Twenty-sixteen has been another rough year in our household.
I’ve had gastric issues come to a point that I had to have “Plumbing” work done this week.
Selena’s dad lost his battle with Alzheimers a week ago and we had to spend time on the road to be with him and family before he passed and when he did.
We weren’t up on how our investments would affect our 2014 taxes and have been hit with a large back tax payment.
Selena’s transmission went out in her car and had to be replaced.
I tore up the tractor and had to spend to get it back in order.
Despite all this, we’ve not taken on any more debt because through the years we’ve stashed enough money back to cover all these costs and some. Twenty years ago we’d be in the hole, but we learned back then to start socking money away. This has been one of the few years that I haven’t fretted about our finances. It’s been quite soothing, knowing that we have money enough to cover all these expenses.
At a time when the stress could really be worse, it hasn’t been because of lack of money. I TOTALLY understand about having an emergency fund. It’s a shame that others haven’t figured this out yet.
This year is also been interesting in that I took out a new credit card. Now for somebody who has been preaching about not using credit cards, this might sound hypocritical, but let me explain.
David Carlson, of Young Adult Money, wrote a blog post about “Debitize“, a service that one ties to a credit card so each purchase is pulled from the bank account to make the payment, thus the credit card works like a debit card, so I got “Debitized.” On top of that, my new card earns money back. In fact, in buying Selena’s new transmission I met the $500 in purchases in 90 days to earn $100 dollars cash back. Pretty cool I think.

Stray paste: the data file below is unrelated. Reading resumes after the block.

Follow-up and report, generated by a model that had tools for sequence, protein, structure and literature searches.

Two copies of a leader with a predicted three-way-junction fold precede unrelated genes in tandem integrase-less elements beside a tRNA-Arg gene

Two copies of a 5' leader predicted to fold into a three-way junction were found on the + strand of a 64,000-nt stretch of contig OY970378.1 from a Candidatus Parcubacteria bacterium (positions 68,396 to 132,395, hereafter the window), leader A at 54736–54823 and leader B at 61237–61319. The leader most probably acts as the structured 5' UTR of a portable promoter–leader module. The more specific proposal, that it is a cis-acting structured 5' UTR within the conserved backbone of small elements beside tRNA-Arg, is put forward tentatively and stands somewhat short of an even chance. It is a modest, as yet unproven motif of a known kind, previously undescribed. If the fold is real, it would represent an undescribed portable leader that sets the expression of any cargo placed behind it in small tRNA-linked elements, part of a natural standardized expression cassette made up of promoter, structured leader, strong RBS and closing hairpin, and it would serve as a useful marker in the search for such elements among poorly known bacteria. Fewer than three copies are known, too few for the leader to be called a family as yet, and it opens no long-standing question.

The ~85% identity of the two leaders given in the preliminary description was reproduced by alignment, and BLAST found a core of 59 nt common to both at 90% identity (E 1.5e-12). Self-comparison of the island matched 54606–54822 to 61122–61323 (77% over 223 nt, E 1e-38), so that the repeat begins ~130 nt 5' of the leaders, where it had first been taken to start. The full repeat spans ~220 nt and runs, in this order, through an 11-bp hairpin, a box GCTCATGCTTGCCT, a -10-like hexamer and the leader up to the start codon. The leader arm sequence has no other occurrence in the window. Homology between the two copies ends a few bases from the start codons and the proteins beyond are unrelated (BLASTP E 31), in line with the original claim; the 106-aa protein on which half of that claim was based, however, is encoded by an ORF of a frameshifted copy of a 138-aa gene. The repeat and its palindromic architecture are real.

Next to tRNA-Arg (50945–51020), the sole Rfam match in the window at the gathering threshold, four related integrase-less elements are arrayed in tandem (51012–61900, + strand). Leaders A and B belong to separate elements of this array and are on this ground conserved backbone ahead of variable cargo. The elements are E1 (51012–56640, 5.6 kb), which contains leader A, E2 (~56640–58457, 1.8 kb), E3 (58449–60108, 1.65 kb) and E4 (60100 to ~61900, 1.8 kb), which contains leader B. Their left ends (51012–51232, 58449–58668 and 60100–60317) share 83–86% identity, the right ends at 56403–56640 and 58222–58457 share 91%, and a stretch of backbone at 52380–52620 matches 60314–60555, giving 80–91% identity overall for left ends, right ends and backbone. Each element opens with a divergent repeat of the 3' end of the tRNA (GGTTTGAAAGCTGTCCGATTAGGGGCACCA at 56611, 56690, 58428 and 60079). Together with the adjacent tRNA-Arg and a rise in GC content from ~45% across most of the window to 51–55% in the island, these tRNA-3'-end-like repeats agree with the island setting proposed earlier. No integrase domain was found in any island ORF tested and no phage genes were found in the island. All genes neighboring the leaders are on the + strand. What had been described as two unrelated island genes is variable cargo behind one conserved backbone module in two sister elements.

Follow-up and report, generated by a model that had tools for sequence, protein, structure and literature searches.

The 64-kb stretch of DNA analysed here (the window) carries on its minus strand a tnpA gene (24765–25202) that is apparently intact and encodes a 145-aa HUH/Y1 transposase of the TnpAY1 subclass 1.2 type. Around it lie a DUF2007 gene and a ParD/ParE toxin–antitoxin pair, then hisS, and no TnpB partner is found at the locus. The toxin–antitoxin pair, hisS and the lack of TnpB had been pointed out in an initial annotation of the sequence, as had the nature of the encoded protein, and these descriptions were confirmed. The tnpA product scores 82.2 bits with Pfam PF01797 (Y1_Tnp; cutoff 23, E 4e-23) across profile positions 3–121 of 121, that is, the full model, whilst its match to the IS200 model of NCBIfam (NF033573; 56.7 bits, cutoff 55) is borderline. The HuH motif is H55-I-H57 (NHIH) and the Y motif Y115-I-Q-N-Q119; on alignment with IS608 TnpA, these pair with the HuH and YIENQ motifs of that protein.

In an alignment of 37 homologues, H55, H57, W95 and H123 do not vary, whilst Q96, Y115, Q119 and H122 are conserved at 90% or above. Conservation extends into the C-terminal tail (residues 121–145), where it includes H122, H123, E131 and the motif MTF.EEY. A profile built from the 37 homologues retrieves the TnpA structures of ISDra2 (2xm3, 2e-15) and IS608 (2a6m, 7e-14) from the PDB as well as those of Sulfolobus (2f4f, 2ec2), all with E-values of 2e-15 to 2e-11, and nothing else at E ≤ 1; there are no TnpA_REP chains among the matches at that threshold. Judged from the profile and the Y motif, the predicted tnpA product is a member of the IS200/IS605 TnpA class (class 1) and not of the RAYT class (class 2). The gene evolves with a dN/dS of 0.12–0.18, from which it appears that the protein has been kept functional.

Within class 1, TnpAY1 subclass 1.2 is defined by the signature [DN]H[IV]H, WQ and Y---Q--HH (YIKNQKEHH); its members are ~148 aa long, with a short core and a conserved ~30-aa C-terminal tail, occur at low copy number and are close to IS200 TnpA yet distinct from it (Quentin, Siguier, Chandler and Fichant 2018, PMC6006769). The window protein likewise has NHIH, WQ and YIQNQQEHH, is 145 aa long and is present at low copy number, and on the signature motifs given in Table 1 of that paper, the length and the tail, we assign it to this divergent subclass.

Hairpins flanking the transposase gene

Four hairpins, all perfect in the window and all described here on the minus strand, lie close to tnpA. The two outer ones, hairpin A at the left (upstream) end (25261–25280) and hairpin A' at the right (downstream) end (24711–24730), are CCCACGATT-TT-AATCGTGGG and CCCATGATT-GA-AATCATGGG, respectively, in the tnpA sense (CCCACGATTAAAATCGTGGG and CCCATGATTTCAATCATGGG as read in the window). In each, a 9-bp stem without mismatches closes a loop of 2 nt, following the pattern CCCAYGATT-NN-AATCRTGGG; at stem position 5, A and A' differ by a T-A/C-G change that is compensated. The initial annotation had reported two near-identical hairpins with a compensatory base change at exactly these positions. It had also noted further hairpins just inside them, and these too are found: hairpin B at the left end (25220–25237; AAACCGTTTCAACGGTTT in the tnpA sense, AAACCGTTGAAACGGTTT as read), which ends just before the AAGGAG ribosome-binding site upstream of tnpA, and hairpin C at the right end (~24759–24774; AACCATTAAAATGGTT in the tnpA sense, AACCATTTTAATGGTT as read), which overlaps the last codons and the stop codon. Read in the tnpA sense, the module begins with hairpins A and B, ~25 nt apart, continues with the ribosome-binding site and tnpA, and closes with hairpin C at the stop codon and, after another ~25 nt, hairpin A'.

Now, I must emphasize that a credit card is not an emergency fund unless there are funds in the bank to immediately pay off the expenses. If there are not, then the credit card is just another debt builder.
So, how does one go about setting up an emergency fund? The easiest way is by auto-drafting funds into a special account. As emergency funds are for just that, it is recommended that these funds be put into an account that cannot be easily accessed, thus preventing pulling out funds for non-emergency use.
Smarty Pig is an excellent place to put money. Although I don’t have a Smarty Pig account, I have read many good things about the system and have a former student who ia now using Smarty Pig and says it’s great. I shared Smarty Pig with her a while back and she said it was easy to set up, and she really likes seeing her balances grow.
Despite all the chaos of 2016, I’m more “Even Keeled” than I’ve been in the past. I owe this to the financial knowledge that I’ve gained over the years and what we’ve put in place, especially the Emergency Fund. It’s amazing the information that’s out there and what one can do with it.
Yeppers, we’re SO glad that we put an emergency fund together and have made a point to stash money back over the years.
How about you? How’s your Emergency Fund, Savings, and Investing going?